• With accumulated income, sharing big-picture goals for your financial future becomes increasingly important. Decisions on how to allocate bonus payments, plan for liquidity events, or get to “work optional” are all topics to discuss along with your investment strategies. The earlier you get dollars working for you in the market (versus spending aimlessly or sitting in cash), the more years you have for those dollars to compound and grow your nest egg.
  • If your future together might involve children, this adds another layer of values and goals to consider and discuss. What is your educational philosophy? Public or private schools? Funding – do you want to fund 529 plans for each child? And further down the road, how do you intend to talk to your children about money? Do you see your children participating in their education funding as they go to college?

Cohabitation Agreement

  • No matter your income level, if you’re moving in together, consider a contingency plan for your new shared life by composing and signing a cohabitation agreement form. It’s great to have in place, as it signals mutual respect.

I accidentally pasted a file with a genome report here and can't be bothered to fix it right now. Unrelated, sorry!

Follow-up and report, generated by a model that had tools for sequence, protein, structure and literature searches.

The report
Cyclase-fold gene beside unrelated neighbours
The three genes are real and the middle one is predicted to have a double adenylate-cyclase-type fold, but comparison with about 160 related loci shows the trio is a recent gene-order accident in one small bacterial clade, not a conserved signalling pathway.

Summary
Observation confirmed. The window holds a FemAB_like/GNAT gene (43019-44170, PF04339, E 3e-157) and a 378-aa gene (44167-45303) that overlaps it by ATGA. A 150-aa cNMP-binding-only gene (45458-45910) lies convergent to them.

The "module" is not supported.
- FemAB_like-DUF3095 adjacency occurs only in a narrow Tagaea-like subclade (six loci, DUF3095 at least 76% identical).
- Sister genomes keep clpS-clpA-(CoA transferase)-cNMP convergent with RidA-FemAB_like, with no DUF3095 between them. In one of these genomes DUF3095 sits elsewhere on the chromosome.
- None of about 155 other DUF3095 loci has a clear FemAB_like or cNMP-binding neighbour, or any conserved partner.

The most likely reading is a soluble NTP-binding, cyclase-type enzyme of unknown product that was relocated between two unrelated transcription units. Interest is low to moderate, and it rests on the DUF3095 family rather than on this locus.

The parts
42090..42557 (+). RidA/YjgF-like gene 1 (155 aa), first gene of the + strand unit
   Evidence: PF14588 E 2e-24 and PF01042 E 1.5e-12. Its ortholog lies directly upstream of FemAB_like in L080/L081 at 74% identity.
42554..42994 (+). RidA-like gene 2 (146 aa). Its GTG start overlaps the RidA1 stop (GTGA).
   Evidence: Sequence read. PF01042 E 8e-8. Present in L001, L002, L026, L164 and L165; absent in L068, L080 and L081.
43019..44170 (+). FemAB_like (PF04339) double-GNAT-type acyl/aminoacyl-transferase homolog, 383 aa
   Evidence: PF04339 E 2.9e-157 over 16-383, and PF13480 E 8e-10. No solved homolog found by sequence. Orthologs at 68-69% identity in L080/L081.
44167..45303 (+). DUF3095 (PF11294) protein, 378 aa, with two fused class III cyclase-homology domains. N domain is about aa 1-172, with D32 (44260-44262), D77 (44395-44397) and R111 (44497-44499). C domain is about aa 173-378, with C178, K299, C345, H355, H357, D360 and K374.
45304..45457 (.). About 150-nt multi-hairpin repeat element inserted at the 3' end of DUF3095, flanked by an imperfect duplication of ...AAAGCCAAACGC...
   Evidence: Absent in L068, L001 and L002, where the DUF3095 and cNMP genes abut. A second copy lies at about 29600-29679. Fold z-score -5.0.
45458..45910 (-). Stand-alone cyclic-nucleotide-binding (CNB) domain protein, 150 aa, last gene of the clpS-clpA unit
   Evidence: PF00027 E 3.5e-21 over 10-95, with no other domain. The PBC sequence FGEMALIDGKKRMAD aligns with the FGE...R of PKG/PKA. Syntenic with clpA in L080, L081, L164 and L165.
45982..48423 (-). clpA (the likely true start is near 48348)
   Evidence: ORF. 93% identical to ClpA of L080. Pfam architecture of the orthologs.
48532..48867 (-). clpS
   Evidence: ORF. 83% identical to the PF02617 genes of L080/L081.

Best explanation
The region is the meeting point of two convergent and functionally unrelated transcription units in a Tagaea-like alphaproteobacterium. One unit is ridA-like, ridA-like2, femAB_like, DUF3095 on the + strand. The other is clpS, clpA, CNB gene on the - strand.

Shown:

• What are the rules of the road? Specify rights and duties for the short term and the long term.

Regardless of your ultimate plans for your relationship, you’ll encounter financial tethers to almost every decision. Regularly checking in with each other can promote open communication, trust around money habits, and a positive experience around money conversations for both partners.

Understanding your partner’s money values can only be beneficial to your relationship in the long run.

Everyone knows it’s essential for married couples to consider and discuss financial issues like saving, spending, credit use, and retirement planning. Money Dates will help you navigate personal financial decisions at any relationship stage.